Amazon CloudFront
Developer Guide (API Version 2014-11-06)
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Serving Compressed Files

Amazon CloudFront can serve both compressed and uncompressed files from an origin server. Serving compressed content makes downloads faster because the files are smaller—in some cases, less than half the size of the original. Especially for JavaScript and CSS files, faster downloads translates into faster rendering of web pages for your users. In addition, because the cost of CloudFront data transfer is based on the total amount of data served, serving compressed files is less expensive than serving uncompressed files.

CloudFront doesn't compress the files itself. Instead, it relies on receiving compressed files from your origin. The process for serving compressed files depends on whether you're using a custom origin or Amazon S3:

  • Custom origins – CloudFront relies on the origin server to respond to requests with compressed files. For more information, see How CloudFront Serves Compressed Content from a Custom Origin.

  • Amazon S3 origins – Amazon S3 doesn't compress files automatically, so you must create separate compressed and uncompressed versions of the files that you want to server in compressed format. In addition, you develop your web application to rewrite URLs when viewers request compressed content. For more information, see Serving Compressed Files from Amazon S3.

How CloudFront Serves Compressed Content from a Custom Origin

If you want to serve compressed content from a custom origin, you must configure your web server to compress your content using gzip; CloudFront doesn't support other compression algorithms. When a viewer requests a compressed file from CloudFront—when the request includes Accept-Encoding: gzip in the request header—CloudFront caches the file that is returned by your origin, regardless of whether the file is compressed. When a viewer requests the same file but without Accept-Encoding: gzip in the request header, CloudFront caches a separate version of the file, again regardless of whether the file is compressed.

The value of the Accept-Encoding request header must be gzip. If the request header includes additional values, for example, deflate or sdch, CloudFront removes them before forwarding the request to the origin server. If gzip is missing from the Accept-Encoding field, then the Accept-Encoding field in the request that CloudFront forwards to your origin is empty, and your origin returns an uncompressed version of the file. For more information about the Accept-Encoding request-header field, see "Section 14.3 Accept Encoding" in Hypertext Transfer Protocol -- HTTP/1.1 at http://www.w3.org/Protocols/rfc2616/rfc2616-sec14.html.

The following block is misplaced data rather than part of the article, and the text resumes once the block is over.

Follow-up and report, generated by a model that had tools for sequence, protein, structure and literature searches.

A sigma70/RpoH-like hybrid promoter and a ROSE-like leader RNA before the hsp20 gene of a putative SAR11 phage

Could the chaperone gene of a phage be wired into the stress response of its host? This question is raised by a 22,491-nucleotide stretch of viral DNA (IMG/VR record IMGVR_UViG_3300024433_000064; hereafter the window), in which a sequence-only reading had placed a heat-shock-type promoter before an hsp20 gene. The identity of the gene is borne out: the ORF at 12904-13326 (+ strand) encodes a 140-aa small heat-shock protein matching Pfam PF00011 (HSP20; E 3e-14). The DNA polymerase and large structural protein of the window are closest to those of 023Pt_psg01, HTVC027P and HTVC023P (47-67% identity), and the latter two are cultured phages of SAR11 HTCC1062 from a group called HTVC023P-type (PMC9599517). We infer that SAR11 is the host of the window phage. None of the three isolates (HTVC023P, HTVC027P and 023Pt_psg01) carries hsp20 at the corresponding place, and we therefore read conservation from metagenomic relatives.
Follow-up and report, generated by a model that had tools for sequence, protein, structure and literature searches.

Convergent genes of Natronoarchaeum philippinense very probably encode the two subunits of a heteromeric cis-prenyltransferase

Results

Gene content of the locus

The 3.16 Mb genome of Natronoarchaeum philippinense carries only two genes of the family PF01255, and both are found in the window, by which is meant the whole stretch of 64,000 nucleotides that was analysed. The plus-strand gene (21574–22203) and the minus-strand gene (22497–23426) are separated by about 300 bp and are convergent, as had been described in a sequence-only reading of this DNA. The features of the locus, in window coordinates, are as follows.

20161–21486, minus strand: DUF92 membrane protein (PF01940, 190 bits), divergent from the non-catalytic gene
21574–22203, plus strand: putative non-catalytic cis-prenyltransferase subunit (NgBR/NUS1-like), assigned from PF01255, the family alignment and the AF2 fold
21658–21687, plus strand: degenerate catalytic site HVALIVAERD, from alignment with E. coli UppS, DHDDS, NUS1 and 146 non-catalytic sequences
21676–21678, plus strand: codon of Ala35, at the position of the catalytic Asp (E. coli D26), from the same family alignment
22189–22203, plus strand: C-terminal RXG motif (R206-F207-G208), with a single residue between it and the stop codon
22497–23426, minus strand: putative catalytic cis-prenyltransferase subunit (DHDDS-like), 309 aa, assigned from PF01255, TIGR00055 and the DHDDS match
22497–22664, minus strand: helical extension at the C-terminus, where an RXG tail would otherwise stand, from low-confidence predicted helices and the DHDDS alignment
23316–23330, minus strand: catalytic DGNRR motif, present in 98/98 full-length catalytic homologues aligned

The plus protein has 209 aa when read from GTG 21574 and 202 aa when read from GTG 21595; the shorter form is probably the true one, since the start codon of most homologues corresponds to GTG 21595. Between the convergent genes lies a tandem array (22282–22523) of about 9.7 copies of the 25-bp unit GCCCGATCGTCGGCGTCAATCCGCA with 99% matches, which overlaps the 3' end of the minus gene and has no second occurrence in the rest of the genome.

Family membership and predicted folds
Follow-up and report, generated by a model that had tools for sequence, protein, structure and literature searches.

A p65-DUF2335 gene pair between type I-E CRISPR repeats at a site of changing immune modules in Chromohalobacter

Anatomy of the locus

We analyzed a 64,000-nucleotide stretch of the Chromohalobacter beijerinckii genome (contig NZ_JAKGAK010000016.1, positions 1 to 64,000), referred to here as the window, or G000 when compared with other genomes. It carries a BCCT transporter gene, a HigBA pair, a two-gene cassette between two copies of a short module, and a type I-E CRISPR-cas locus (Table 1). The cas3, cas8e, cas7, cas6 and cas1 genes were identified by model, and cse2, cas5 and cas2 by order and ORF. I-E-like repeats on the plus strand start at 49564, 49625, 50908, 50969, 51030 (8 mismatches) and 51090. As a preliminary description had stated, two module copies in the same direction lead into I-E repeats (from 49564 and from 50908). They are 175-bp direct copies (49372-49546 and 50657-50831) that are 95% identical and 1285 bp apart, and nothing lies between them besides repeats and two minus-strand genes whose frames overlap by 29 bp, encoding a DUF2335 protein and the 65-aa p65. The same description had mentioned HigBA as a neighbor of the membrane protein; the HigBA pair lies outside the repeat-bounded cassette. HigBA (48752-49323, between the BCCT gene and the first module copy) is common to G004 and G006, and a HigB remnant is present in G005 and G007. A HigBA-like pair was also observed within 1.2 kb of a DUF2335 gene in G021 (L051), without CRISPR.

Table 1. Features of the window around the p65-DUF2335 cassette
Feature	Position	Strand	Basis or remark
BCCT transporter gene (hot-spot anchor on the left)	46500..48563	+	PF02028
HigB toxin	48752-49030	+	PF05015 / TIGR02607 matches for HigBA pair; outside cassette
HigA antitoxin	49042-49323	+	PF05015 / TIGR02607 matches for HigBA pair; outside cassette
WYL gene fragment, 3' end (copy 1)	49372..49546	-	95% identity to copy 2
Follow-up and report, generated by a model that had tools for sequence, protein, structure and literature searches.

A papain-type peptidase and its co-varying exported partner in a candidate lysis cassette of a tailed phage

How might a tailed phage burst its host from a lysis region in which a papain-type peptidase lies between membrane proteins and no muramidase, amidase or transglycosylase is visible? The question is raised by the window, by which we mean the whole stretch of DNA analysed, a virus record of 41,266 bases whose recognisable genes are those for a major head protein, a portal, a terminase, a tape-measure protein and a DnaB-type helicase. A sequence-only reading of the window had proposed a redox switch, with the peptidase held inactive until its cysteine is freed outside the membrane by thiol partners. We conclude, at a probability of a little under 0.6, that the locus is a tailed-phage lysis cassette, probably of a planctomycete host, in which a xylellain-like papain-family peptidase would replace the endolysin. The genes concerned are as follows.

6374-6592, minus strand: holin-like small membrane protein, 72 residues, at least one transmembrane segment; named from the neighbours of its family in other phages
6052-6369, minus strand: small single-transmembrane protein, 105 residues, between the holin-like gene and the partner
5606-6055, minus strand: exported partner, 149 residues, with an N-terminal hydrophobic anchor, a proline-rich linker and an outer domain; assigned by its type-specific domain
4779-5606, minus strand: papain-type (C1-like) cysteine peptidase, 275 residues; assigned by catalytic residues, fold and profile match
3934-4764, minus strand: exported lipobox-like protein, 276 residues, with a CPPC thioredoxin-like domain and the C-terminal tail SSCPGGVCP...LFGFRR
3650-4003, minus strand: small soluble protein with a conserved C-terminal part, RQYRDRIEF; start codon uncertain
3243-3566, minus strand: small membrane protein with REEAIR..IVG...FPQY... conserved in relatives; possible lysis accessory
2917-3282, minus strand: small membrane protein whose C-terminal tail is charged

Here's how CloudFront commonly serves compressed content from a custom origin to a web application:

  1. You configure your web server to compress selected file types. For more information, see Choosing the File Types to Compress.

  2. You create a CloudFront distribution.

  3. You develop your website or web application to access your content by using CloudFront URLs.

  4. A viewer requests your content. The viewer adds the Accept-Encoding: gzip header to the request. This indicates that the viewer supports compressed content.

  5. CloudFront directs web requests to the edge location that has the lowest latency for the user.

  6. At the edge location, CloudFront checks the cache for the object referenced in each request.

  7. If the file is in the cache, CloudFront returns the file to the web browser. If the file is not in the cache:

    1. CloudFront forwards the request to the origin server.

    2. The web server compresses the file and adds a Content-Encoding: gzip header to the response. (The file name is the same, regardless of whether the content is compressed.)

    3. The web server returns the compressed file to CloudFront.

    4. CloudFront returns the file to the viewer and adds it to the cache. CloudFront caches separate versions based on whether the viewer request contains an Accept-Encoding: gzip header.

    5. The viewer uncompresses the content and displays it.

Serving Compressed Files from Amazon S3